Pitt, along with the rest of the Big East, released its schedule Wednesday and a lot of fans aren't real happy. It's the typical Pitt schedule: a light non-conference slate to with the occasional challenge to prepare the team for the rigors of Big East play. Of course, the tickets against Bethune-Cookman costs the same as the game against Syracuse, but from a strategy prospective, I like Pitt's schedule this year.
(More after the jump.)
With the released schedules, it's easy to criticize Pitt's non-conference games. With the likes of Bethune-Cookman and Kennesaw State weighing down it down, the only marquee match-ups are games Pitt might not even get to play in:
The ACC-bound Panthers, left out of the Big East/SEC Challenge, are competing in the Preseason NIT — its only opportunity for a marquee win outside the Big East. The semifinals and finals are Nov. 21 and 23 in New York against — provided the host schools advance — Michigan, Virginia or Kansas State.
But host schools aren’t guaranteed a spot at the Garden. Pitt first must win two preliminary home games Nov. 12 and 13 against opponents that likely will come from a group including Fordham, Lehigh and Robert Morris. If Pitt fails to advance, they would host two additional Preseason NIT games Nov. 19 and 20.
In case you've forgotten, Lehigh beat 2-seed Duke in the tournament last year will be returning star guard CJ McCollum. Lehigh should be a favorite in the Patriot League and if the Panthers can win at home, that should be a nice RPI achievement if the Panthers can knock them off and advance to New York.
The fear is that Pitt doesn't make it New York. A loss to Lehigh means Pitt will be staying home and playing two games against fellow runner-ups instead of two presumably against Michigan, Virginia or Kansas State. Not getting the opportunity to raise their RPI with a high-profile game or two in the Big Apple would be a big blow to the Pitt's perception and would leave the Panthers with little breathing room in the Big East.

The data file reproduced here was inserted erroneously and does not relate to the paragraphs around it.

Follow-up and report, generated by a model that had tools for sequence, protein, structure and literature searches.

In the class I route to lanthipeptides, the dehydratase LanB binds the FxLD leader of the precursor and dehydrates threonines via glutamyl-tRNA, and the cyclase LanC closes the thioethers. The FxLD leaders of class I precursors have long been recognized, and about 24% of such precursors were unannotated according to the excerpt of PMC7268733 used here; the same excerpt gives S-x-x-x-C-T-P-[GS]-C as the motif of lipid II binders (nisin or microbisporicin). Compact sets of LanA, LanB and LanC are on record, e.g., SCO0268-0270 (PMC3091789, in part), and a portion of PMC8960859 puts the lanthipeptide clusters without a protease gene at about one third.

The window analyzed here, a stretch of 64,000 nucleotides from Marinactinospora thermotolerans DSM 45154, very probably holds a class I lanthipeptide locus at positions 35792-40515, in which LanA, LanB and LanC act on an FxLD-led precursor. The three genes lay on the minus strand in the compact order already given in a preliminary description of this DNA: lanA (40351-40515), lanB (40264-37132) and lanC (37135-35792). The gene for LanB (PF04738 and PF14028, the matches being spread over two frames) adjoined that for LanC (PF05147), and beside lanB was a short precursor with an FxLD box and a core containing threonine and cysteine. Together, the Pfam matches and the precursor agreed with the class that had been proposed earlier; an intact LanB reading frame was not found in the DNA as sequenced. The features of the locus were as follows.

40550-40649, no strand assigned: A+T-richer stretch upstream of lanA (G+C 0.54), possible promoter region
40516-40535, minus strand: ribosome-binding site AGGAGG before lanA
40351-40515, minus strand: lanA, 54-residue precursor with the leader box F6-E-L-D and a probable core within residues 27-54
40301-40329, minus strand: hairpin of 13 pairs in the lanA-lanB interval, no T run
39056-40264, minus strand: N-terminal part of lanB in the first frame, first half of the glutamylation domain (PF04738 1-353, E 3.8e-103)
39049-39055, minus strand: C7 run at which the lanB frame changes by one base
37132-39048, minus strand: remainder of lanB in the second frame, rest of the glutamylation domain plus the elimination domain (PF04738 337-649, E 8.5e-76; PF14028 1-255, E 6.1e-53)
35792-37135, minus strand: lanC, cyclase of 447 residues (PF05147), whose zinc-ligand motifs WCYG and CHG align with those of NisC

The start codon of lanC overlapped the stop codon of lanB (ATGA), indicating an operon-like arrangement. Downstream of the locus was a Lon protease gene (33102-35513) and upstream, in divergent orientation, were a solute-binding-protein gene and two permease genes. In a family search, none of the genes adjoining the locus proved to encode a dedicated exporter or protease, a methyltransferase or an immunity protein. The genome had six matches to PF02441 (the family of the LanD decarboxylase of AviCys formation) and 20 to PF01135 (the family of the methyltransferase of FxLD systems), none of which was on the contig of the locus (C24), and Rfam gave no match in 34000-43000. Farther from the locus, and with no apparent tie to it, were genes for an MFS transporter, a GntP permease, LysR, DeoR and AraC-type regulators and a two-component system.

So it's a risk. But it's a calculated risk, since scheduling power conference opponents in the non-con would mean Pitt playing more games on the road, and I just don't see that happening with their ability to still draw fans and sell tickets. At the end of the day, it would be great if Pitt played a home-and-home or two against a marquee opponent, but that's just not realistic. In the Big East or the ACC, Pitt will have more than enough opportunities to earn a #1 seed in the NCAA Tournament if they're capable of it. Nor does the program need further exposure in the region. A big non-conference schedule is something that a lesser conference might have to do, but Pitt's definitely not in one of those. And yes, I understand that teams like UNC, Indiana, Kentucky and Michigan State do it, but that's more about being a national brand than raising RPI, and Pitt's not just at that level either.
"I came on a visit, sat in the stadium and they were going crazy,'' Adams said of the Petersen Events Center. "I was like holy shizz. It's loud and going crazy here.''
He spent the last few months playing summer basketball in Pittsburgh and is now enrolled for the fall, working out with the Panthers and loving the experience of being stateside.
"It's fun," Adams said. "It gets pretty wild, but I find it cool. This part of the town, it's a city and campus put together. It's a pretty cool area. There's some green, some forest area. It's a nice little balance.''
Adams is a bit of a character. It doesn't take long to pick up on his quirky personality -- as fellow students in his acting class are no doubt picking up on.
"[I'm having] fun with it,'' Adams said of the course. "Some of the girls in the class don't like to do anything. But I'll have fun with it.''
His personality seems to be a staple of any Adams piece and I'm looking forward to him from a chemistry standpoint almost as much as I am about his potential to be a dominant big man and NBA lottery pick:
Dixon is downplaying Adams' potential to dominate during his first season, but it's not out of the question. One thing is for sure: He will be a treat for anyone who covers the team or hangs around this crew.
"Everyone loves him,'' Pitt associate athletic director Greg Hotchkiss said. "He's got a vivacious personality. He's a big guy. And for three-plus years he's been dreaming of coming to Pitt.''
He's there now. And he's not planning on leaving anytime soon.
"I want to get a ring,'' Adams said. "The time will come when [the NBA] will present itself. But I don't give a crap about that. I'm worried right now about getting to the NCAA tournament and a ring.''
And he already knows the right things to say! Mission accomplished, Mr. Hotchkiss.